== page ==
The Federalist: On the New Constitution
Glazier & Company, 1826 - Constitutional law - 582 pages
What people are saying - Write a review
We haven't found any reviews in the usual places.
Other editions - View all
The Federalist: Or, The New Constitution
Alexander Hamilton,James Madison,John Jay
Snippet view - 1945
Common terms and phrases
admit advantage America answer appear appointment army attended authority become body branch cause circumstances citizens common conduct confederacy confederation congress consequence consideration considered constitution continued convention council course courts danger depend direct duty effect elections equal established evident executive exercise existing experience extent fact favour federal force foreign former France give given greater hands happen important individuals influence instance interest judges kind latter laws least legislative legislature less liberty limits majority manner means measures ment nature necessary necessity never objects obligations observations occasion officers operation opinion particular party peace persons political possess present president principle probably proper proportion proposed provision question reason regard regulation relation render representatives require respect rule senate sense side single situation supposed thing tion treaties true union United votes whole
Page 484 - For the more convenient management of the general interests of the United States, delegates shall be annually appointed, in such manner as the legislature of each state shall direct...
Page 485 - ... the United States in Congress assembled. The United States in Congress assembled shall never engage in a war, nor grant letters of marque and reprisal in time of peace, nor enter into any treaties or alliances, nor coin money, nor...
Page 485 - States, and exacting such postage on the papers passing through the same as may be requisite to defray the expenses of the said office; appointing all officers of the land forces in the service of the United States, excepting regimental officers; appointing all the officers of the naval forces, and commissioning all officers whatever in the service of the United States; making rules for the government and regulation of the said land and naval forces, and directing their operations. The United States...
Page 49 - By a faction I understand a number of citizens, whether amounting to a majority or minority of the whole, who are united and actuated by some common impulse of passion, or of interest, adverse to the rights of other citizens, or to the permanent and aggregate interests of the community.
Page 485 - ... cause, the court shall, nevertheless, proceed to pronounce sentence or judgment, which shall in like manner be final and decisive, the judgment or sentence and other proceedings being in either case transmitted to Congress and lodged among the acts of Congress for the security of the parties concerned : provided that every commissioner, before he sits in judgment, shall take an oath, to be administered by one of the judges of the Supreme or Superior Court of the State where the cause shall be...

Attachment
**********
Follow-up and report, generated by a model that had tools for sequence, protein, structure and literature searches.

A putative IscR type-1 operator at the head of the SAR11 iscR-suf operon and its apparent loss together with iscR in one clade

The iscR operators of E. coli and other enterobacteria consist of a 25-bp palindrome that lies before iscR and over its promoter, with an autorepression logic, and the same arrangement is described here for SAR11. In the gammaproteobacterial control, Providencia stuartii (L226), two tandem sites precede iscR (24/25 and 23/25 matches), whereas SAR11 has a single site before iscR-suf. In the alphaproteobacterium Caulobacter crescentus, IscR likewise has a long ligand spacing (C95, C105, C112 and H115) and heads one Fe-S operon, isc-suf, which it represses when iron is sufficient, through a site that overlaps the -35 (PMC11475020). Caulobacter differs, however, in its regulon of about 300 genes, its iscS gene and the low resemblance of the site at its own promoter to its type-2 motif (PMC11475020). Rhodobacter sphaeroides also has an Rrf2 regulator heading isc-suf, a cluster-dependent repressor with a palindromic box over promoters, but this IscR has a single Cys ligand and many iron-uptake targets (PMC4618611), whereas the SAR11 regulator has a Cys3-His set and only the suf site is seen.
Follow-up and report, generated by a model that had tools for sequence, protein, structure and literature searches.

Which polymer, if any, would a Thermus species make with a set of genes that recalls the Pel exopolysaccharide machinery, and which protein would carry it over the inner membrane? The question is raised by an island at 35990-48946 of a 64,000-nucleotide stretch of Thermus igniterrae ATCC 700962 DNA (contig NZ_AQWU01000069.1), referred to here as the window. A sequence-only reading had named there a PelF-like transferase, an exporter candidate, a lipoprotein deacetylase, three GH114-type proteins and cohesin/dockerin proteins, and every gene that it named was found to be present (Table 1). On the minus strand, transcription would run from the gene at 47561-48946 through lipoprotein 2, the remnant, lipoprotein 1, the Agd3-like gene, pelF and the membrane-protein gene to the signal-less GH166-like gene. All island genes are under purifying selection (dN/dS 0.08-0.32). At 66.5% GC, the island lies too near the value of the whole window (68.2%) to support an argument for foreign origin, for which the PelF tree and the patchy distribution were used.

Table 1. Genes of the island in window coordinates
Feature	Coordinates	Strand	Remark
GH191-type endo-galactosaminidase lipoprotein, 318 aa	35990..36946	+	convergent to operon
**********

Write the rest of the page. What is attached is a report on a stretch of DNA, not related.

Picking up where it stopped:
Page 190 - STATES, and to consist of one delegate from each state; and to appoint such other committees and civil officers as may be necessary for managing the general affairs of the United States under their direction...
Page 493 - Constitution be laid before the United States in Congress assembled, and that it is the Opinion of this Convention, that it should afterwards be submitted to a Convention of Delegates, chosen in each State by the People thereof, under the Recommendation of its Legislature, for their Assent and Ratification...
Page 195 - The better to secure and perpetuate mutual friendship and intercourse among the people of the different States in this Union, the free inhabitants of each of these States, paupers, vagabonds and fugitives from justice excepted, shall be entitled to all privileges and immunities of free citizens...
Page 53 - The effect of the first difference is, on the one hand, to refine and enlarge the public views, by passing them through the medium of a chosen body of citizens, whose wisdom may best discern the true interest of their country, and whose patriotism and love of justice, will be least likely to sacrifice it to temporary or partial considerations.
Page 216 - The accumulation of all powers, Legislative, Executive, and Judiciary, in the same hands, whether of one, a few, or many, and whether hereditary, self-appointed, or elective, may justly be pronounced the very definition of tyranny.